Saturday, 29 June 2013

Make! Beef cheeks 3 ways: Red wine braised beef cheeks

The reason I say 'beef cheeks 3 ways' is that I'm going to be doing a bit of a series on this delicious and economical cut of beef. Recently I've been branching out with the meat I buy as an attempt to be more adventurous in my cooking, whilst also saving on my shopping bill. Beef cheeks appealed to me because they are cheap, substantial and can be transformed into a variety of decadent meals.

Where to source the meat: You are unlikely to find beef cheeks in your typical supermarket meat aisles. We ordered these in advance from our local butcher; as they're not a commonly used cut your butcher will most likely need a few days notice to get these in. In terms of quantity we found that 2 beef cheeks will feed four people, and the cheeks we bought were each about the size of 2 decent sirloins. I'd recommend you ask your butcher to trim the meat for you as I've heard this is a pretty difficult and unpleasant job if you're not much of a butcher yourself! We bought enough for a few meals so that I could cook some that day and freeze the rest for trying different meals with later. As for cost, I worked out that our butcher had charged us around £2.50 per cheek, which seems extremely cheap to me as I'd normally use braising steak for this type of casserole. In my opinion the cheeks are much tastier and even more tender once cooked.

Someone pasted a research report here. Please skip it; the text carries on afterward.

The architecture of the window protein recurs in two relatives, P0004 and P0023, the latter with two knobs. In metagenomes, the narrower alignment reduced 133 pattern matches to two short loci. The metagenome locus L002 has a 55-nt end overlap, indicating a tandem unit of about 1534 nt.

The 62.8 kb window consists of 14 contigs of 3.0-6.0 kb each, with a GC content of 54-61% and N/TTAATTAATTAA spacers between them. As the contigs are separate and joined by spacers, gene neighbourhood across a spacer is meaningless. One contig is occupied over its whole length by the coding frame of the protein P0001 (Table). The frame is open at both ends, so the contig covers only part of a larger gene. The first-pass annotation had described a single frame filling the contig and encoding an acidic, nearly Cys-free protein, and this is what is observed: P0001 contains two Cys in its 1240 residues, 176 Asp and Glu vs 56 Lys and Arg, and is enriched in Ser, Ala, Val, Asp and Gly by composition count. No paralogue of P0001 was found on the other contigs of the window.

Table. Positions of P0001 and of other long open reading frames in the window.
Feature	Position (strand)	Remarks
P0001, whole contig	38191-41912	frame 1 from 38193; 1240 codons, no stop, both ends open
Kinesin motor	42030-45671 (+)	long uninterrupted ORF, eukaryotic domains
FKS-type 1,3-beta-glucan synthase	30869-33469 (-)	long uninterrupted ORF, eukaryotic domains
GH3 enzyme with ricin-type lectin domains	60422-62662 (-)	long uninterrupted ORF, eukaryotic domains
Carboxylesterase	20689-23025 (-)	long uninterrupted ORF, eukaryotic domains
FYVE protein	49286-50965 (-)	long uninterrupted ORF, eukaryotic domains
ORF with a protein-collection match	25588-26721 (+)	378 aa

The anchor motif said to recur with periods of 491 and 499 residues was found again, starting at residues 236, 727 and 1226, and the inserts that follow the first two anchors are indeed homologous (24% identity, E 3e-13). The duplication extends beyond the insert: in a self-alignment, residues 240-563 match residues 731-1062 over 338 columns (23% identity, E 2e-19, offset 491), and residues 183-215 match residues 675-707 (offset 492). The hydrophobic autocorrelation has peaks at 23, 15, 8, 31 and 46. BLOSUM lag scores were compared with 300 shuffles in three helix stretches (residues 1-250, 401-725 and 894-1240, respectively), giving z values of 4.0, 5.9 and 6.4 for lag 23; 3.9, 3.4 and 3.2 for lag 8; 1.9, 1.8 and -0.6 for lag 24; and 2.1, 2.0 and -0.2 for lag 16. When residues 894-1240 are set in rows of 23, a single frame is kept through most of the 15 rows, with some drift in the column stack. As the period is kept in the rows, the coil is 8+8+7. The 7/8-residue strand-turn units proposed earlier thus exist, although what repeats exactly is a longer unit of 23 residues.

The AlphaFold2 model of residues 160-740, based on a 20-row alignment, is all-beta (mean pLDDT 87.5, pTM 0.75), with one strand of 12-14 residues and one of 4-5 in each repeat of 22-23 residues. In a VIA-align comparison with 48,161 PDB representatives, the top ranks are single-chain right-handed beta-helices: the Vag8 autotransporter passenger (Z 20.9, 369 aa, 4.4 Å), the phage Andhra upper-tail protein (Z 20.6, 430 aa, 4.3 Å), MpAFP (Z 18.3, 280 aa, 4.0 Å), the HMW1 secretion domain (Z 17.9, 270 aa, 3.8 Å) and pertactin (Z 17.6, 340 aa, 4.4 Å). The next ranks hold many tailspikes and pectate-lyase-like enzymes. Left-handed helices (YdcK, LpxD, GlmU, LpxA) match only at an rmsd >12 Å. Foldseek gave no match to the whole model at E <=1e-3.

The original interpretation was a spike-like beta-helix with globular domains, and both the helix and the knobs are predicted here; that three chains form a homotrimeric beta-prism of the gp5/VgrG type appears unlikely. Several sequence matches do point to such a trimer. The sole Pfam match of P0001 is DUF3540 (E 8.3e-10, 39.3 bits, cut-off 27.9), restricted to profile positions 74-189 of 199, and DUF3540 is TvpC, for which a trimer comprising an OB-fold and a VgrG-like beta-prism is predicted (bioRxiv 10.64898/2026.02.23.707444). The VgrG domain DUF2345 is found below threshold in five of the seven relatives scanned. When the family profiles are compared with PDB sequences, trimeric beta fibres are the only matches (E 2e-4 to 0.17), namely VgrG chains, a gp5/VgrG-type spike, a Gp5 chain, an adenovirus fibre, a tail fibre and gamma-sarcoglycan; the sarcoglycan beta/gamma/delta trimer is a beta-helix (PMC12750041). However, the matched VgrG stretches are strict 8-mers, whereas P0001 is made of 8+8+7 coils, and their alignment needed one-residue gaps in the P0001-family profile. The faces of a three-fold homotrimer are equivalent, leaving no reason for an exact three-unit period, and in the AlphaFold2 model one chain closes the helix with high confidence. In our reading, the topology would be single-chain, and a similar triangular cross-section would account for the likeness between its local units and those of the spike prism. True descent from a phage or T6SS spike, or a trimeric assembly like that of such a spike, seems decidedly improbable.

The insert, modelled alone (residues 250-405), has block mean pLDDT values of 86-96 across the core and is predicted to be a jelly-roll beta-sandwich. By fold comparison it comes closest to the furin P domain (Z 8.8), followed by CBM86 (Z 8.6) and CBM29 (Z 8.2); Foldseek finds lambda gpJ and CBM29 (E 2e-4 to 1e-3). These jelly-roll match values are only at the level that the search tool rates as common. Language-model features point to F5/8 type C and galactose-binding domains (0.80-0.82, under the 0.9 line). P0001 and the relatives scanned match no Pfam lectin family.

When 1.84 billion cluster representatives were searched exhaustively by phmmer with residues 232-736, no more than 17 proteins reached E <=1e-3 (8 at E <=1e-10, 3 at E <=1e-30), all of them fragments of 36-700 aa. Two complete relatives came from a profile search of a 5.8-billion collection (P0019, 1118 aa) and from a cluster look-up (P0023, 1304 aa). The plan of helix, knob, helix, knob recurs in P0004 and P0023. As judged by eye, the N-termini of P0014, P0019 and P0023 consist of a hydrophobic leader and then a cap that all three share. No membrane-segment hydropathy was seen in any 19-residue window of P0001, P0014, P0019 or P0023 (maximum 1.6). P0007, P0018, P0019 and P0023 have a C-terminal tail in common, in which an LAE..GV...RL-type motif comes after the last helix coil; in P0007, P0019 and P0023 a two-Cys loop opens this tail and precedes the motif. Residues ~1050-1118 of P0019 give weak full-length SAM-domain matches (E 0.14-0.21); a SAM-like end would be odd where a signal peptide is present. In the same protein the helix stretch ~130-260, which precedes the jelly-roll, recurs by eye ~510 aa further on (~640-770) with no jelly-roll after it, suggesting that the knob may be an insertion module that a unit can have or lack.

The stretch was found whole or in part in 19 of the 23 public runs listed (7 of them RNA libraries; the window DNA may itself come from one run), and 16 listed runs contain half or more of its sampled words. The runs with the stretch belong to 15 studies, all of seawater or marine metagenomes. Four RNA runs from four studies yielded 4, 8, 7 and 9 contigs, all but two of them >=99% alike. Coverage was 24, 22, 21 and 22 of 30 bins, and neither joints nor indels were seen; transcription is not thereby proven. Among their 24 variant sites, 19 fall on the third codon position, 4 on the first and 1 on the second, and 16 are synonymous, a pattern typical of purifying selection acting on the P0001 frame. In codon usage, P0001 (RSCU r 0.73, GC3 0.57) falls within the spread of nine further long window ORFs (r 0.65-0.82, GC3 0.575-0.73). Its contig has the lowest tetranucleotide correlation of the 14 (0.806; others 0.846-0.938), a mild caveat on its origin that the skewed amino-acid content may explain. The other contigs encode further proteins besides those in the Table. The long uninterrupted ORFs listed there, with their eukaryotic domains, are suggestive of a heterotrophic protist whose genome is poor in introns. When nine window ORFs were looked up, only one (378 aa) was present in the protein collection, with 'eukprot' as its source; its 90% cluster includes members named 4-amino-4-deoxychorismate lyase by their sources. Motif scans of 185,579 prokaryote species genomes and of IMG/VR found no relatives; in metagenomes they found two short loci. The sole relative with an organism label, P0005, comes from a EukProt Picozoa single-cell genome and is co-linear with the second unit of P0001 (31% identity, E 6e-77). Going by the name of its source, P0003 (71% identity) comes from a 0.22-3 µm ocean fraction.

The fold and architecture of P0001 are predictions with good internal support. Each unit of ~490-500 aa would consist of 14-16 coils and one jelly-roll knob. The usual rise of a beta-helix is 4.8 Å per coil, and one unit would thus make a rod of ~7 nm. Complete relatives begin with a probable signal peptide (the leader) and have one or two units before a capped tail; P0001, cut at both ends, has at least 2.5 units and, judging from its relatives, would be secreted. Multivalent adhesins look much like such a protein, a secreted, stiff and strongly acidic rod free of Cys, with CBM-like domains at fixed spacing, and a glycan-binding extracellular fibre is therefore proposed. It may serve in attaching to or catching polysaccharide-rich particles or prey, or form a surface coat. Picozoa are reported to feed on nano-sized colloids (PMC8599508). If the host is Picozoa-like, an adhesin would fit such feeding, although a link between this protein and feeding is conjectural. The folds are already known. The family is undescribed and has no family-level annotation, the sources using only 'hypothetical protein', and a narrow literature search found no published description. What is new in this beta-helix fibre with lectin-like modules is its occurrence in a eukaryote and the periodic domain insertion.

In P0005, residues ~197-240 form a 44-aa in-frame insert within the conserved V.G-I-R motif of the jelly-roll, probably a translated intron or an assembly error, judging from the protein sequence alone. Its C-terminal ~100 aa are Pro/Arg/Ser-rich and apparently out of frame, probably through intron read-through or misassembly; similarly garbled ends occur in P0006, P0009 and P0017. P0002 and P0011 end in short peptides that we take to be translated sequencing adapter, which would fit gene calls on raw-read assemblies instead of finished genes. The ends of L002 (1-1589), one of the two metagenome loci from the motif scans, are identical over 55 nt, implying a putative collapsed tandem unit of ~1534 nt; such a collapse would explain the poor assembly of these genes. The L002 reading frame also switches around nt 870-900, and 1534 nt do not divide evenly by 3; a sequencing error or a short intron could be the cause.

Here's the recipe. This is to serve 4 people.

2 beef cheeks, trimmed (score the surface with a sharp knife so these will cook more easily)
2 onions, chopped
2 cloves garlic, minced
1 red chilli, sliced (optional)
1 tin chopped tomatoes
1 tbspn tomato puree
1/2 bottle red wine
500ml chicken/vegetable stock
Olive oil

Preheat oven to 150c/130c fan
Fry onions and garlic in some oil in a large casserole dish
Add beef cheeks and fry for a few minutes to colour both sides
Add chilli, tomatoes, puree, stir and bring to a simmer
Season with herbs
Add red wine and stock. Stir and allow to simmer for a few minutes
Cover and put in oven


The dish will cook in about 3 hours. Check that the meat is tender - you should easily be able to break it apart with a couple of forks.

Leave out of the oven for a few minutes before serving so that the meat can rest. Break up the meat a bit and stir before dishing up with bread/rice and seasonal veg. I stir fried some green beans and mangetout in butter and it went nicely with the dish.

If you have any leftover, keep it in the fridge and it will taste even better 24 hours later!

Do you have any tips for cooking with cheap/overlooked cuts of meat? Please let me in to your culinary secrets!

Hannah x


  1. Sounds tasty and the presentation looks really nice. No secrets from me, I'm a horrible cook. :)

  2. Thank you :) You can't go wrong with a bit of slow-cooking. And I'm sure you are not a horrible cook at all! My problem is I just never stop thinking about food ;) x


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